setting regulations most of these duties are general in nature; they do not have to specifically mention
control systems for the law to apply, nor do they specify exactly what must be done to comply.
For this reason, the discussion is based on the duties of various parties specified in the regulations, and
what this implies in terms of functional safety.
The word „plant‟ in the regulations refers to any machinery, equipment tool or component, including
software.
Operators
The overriding duty of Operators of offshore petroleum and greenhouse gas facilities is covered in
Clause 9 of the Offshore Petroleum and Greenhouse Gas Storage Act 2006.
Clause 9(1) is a general duty to take all reasonably practicable steps to ensure that the facility is safe,
and that all work and other activities are carried out in a safe manner.
These general duties are supplemented by a number of specific duties including: Clause 9(2) (c), “to
take all reasonably practicable steps to ensure that any plant, equipment… are safe”; 9(2) (e) “to take
all reasonably practicable steps to implement and maintain appropriate procedures and equipment for
the control of, and response to, emergencies at the facility.”
These duties imply that if control systems are used, then they must be designed in a way that will
reduce risks to ALARP.
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The duties apply to all safety-related control systems, the implication being that Operators should be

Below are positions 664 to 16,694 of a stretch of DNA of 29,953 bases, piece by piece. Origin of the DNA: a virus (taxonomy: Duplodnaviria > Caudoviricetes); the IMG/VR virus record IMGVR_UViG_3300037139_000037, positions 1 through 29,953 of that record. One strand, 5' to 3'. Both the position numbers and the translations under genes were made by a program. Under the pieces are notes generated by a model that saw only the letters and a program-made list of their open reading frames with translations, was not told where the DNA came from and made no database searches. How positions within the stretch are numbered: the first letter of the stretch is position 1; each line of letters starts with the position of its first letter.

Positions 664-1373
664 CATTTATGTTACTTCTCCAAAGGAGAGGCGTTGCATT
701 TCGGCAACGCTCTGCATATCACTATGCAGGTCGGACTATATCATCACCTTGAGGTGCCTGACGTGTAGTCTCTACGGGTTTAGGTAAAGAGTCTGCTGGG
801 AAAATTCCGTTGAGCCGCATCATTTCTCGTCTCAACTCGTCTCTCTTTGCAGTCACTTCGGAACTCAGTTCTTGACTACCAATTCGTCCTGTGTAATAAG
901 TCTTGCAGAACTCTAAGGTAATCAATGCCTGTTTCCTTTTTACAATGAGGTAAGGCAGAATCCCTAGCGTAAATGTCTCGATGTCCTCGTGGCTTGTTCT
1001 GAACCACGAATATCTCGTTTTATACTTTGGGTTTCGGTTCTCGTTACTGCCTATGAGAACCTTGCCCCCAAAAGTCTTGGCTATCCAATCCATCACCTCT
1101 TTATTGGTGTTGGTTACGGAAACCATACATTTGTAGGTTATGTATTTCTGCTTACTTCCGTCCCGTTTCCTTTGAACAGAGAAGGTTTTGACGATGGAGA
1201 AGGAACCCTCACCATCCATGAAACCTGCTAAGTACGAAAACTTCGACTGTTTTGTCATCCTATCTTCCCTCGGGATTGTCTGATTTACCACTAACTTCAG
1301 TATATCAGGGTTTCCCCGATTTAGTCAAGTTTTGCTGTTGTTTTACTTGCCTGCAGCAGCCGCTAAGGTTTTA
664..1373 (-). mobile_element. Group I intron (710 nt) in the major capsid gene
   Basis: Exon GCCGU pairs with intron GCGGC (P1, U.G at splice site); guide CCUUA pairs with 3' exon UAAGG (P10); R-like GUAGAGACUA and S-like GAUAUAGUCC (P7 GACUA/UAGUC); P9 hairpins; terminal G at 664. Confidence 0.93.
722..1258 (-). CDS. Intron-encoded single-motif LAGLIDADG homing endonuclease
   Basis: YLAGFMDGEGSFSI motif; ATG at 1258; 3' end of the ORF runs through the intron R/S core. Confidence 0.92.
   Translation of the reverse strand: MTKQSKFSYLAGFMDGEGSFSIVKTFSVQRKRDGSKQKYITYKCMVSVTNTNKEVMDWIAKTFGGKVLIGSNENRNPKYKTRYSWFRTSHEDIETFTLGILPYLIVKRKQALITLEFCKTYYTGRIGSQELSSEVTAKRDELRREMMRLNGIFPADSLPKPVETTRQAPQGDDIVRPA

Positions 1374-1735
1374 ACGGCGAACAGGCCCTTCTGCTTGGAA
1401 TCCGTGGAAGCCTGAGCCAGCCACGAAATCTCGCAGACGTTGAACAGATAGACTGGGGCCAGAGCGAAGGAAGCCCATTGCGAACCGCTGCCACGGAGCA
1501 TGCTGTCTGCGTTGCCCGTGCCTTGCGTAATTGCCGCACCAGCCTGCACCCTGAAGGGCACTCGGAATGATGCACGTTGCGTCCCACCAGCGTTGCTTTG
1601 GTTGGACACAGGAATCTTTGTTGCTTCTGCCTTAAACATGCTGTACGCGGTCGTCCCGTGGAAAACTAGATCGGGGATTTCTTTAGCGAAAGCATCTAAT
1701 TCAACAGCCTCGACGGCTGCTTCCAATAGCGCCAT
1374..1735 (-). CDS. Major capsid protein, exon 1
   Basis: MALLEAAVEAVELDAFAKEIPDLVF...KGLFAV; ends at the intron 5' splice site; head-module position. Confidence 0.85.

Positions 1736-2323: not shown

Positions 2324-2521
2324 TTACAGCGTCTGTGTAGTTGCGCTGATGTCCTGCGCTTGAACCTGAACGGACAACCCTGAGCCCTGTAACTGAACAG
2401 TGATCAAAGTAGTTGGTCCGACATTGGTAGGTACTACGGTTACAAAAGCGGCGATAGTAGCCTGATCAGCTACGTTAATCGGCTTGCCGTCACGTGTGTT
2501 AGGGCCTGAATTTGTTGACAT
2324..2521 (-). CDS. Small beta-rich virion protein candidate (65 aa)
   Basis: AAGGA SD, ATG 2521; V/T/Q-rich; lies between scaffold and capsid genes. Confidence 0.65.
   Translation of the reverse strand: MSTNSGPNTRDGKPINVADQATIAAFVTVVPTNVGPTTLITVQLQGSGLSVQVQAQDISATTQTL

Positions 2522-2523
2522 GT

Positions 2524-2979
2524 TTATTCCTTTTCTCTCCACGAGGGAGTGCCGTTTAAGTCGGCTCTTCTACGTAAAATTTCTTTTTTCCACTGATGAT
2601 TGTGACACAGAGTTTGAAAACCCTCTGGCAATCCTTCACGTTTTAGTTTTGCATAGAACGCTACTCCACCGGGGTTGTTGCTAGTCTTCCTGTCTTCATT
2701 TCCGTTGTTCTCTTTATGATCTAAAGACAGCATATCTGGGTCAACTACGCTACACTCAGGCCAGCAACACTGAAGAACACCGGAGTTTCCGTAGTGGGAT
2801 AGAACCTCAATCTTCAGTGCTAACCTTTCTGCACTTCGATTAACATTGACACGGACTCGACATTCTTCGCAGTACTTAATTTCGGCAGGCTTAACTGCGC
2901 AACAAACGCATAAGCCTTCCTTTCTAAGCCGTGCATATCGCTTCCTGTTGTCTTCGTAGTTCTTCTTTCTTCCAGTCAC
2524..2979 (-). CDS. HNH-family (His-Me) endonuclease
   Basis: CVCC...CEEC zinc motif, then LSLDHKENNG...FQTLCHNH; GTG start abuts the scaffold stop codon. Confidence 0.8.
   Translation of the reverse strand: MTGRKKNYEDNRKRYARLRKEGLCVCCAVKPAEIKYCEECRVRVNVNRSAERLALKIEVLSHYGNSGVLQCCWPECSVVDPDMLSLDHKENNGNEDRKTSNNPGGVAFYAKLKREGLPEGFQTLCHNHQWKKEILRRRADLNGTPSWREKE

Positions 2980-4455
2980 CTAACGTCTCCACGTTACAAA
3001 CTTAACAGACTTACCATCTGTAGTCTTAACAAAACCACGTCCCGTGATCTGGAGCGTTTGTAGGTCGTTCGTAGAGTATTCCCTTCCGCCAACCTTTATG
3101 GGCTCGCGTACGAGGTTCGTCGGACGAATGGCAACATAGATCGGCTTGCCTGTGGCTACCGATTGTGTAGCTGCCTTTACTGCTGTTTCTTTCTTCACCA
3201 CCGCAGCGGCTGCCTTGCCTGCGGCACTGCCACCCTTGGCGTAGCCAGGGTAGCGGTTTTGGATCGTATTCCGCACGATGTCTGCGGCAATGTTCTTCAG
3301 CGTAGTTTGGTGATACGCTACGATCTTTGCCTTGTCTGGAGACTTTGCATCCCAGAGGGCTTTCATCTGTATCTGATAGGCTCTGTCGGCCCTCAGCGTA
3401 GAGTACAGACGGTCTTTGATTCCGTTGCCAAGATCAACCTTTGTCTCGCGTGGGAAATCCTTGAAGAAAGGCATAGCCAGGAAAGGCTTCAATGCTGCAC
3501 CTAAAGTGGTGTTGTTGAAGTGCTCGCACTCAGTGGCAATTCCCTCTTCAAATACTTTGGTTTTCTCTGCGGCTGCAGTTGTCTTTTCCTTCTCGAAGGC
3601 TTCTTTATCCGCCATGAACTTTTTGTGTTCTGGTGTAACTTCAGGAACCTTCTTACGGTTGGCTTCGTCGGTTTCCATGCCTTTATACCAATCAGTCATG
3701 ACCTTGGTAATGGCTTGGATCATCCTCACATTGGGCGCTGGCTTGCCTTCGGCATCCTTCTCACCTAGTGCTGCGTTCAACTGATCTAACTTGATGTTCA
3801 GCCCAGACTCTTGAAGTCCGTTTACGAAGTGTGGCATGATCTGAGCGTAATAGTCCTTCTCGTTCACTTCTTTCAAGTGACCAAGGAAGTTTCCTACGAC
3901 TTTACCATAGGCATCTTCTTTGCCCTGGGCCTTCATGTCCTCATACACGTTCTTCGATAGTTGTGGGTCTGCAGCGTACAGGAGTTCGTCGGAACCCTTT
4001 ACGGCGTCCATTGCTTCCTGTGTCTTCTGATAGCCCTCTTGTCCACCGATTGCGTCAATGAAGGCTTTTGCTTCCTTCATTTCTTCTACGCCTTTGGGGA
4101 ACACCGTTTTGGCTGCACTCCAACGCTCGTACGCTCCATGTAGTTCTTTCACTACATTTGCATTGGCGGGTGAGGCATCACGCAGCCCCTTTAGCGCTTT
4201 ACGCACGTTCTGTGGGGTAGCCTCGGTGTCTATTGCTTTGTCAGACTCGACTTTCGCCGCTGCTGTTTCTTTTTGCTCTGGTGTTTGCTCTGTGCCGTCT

aware which, if any, of their control systems are safety related and take all reasonably practicable steps
to make them safe, including adequate testing and maintenance.
Persons in control of parts of a facility or particular work, and employers
As outlined in relevant sections of Clauses 10 and 11 of the Offshore Petroleum and Greenhouse Gas
Storage Act 2006, it is not only employers of people working on a facility who have very similar duties to
Operators. Anyone given responsibility or control of a part of a facility, or of any particular work carried
out at a facility, is subject to the same duties.
This extends the duty of care to include, among others, diving supervisors, contract labour, operators of
remotely controlled vehicles, and those in control of mobile drill rigs located temporarily on fixed
platforms.
Manufacturers
Clause 12(1) of the Offshore Petroleum and Greenhouse Gas Storage Act 2006 is relevant to anyone
who manufactures plant that they ought reasonably to expect will be used by members of the workforce